The primary breakdown of nitro compounds, aromatic compounds and benzene show the trends of rapid removal efficiency over 70%. Other aromatic compounds such as polycyclics, phenols, phthalates had the trend of lower removal than the precedents. Dimethyldisulfide, the compound causing odor, was reduced rapidly in 15 min when ozone was induced with the rate of 0.28mglL/min as the test batch. Most volatile organics identified with purge & trap method were removed very effectively except the saturated hydrocarbons. But the removal rate of DOC, CH 2Cl 2 extractable organs were more lower than volatiles. Figure 6 shows that the process of ozone only is sufficient to remove various pesticides in the raw water of Han rive. PEROXONE AOP is very effective process to enhance destruction rate of pollutants, but in some water, the process of ozone alone was as effective as PEROXONE AOP due to promoters present in raw water. Aldehydes are increased as a result of ozonation, with acetaldehyde being the most prevalent. AGe had the trend of increasement after ozonation and Fig. 7 shows the increasement of AOe determined with Acinetobacter calcoaceticus after ozonation. Therefore, the good correlation between aldehydes and Ape were shown in the most raw water. Once formed, aldehydes can persist in treatment lane, but decreased to some extent after GAC filter. 800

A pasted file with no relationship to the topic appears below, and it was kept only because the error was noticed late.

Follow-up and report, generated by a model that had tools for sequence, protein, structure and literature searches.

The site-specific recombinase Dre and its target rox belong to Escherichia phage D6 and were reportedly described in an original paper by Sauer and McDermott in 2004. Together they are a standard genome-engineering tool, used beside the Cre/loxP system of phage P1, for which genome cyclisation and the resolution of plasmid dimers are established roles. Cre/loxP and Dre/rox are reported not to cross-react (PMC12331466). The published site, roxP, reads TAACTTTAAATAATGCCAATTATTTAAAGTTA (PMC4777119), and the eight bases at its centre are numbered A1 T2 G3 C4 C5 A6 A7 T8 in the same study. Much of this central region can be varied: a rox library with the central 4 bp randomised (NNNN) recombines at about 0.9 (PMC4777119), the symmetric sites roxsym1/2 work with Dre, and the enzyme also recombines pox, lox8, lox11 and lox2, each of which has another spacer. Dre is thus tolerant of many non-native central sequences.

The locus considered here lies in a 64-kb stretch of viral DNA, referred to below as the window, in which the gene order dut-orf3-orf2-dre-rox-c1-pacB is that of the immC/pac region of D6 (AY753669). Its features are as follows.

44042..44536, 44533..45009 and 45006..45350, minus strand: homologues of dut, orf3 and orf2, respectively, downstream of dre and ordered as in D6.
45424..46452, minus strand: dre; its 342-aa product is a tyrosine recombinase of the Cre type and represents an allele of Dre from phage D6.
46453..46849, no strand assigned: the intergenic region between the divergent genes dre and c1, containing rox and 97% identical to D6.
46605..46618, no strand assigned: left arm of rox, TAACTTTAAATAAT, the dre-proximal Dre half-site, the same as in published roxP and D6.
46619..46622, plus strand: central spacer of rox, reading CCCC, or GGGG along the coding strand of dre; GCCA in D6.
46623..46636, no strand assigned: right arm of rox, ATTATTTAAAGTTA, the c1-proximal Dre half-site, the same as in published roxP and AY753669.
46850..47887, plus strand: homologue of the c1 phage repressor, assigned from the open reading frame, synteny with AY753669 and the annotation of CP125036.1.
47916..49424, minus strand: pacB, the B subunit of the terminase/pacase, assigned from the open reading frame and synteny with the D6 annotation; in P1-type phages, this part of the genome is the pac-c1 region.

500 400 300
I_ Acetate eq. _ Oxalate eq·1
Figure 7. Increasement of assimilable organic carbon by increasement of ozone dose (Target water: Youngsan river MT raw water).